Funny, challenging, sexy, infuriating. Sure, it's a beast, and, of course, it's pretentious. It's also brilliant and delightful. Seen today, it's even life-affirming. If you can get over the hump of "Proteus," the third chapter, Leopold Bloom is an earthy breath of fresh air. Not to mention Molly!"
— Dafydd Wood
"In Search of Lost Time," Marcel Proust
The madeleines and tea and memory are justly famous and searingly beautiful, but that is only the beginning. Proust carefully crafts and introduces all of the moving pieces of this vast novel (full disclosure, I've only read three of the volumes) — from all of the characters, to all of the themes, to even all of the bedrooms in the introductory section, Combray (which has the distinction of being the only town I know to rename itself based on a novel.) It's about the supreme importance of art — turning all one's disappointment and sadness in life into the raw material of art. Read it slowly and think about how, in addition to time and memory, it's all about making art."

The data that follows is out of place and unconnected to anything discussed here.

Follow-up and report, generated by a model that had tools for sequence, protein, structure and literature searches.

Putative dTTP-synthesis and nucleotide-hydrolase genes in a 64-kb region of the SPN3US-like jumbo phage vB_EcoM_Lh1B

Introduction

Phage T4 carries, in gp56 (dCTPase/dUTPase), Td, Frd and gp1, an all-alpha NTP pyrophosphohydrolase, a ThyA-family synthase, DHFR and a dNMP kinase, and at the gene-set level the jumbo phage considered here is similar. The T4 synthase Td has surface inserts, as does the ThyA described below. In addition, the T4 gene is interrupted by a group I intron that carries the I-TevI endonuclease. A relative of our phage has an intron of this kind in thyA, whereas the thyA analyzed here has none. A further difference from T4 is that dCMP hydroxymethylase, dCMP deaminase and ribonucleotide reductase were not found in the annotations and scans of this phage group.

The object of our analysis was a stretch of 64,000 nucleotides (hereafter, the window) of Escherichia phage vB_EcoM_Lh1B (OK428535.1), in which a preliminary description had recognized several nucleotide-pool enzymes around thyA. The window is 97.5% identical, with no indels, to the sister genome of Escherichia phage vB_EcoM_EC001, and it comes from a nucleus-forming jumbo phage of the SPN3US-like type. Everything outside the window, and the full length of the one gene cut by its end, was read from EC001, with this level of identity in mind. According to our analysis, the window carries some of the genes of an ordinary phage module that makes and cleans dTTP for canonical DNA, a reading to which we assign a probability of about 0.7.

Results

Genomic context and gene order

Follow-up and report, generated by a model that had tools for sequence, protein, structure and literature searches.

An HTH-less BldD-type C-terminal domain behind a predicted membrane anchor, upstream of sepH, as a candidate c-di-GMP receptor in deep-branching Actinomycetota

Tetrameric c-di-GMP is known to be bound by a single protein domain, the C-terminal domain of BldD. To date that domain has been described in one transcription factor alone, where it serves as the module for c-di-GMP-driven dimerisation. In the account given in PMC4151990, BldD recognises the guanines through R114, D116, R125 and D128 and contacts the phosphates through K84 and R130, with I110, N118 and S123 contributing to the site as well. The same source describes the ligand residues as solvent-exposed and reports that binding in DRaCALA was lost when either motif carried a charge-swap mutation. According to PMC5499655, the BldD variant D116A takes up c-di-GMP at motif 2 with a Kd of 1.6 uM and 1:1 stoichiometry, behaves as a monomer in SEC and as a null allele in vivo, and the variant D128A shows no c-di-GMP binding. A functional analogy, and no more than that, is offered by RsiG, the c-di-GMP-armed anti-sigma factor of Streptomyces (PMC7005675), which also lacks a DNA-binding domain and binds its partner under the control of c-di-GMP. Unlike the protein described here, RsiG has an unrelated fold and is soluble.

— Dafydd Wood
"Lonesome Dove" by Larry McMurtry
One of my all-time favorite novels! An epic western in every sense of the word, it is so good that you will be reluctant to bid the vibrant characters goodbye as you near the conclusion. It is a little like losing good friends.
"The Executioner's Song" by Norman Mailer
This is the celebrated author's tough-as-nails chronicle of a convicted killer's fight to die. It is based on the true-life story of Gary Gillmore, who murdered two men during a robbery and fought the justice system to have his death sentence carried out immediately.
— Alden Graves
"Barkskins" by Annie Proulx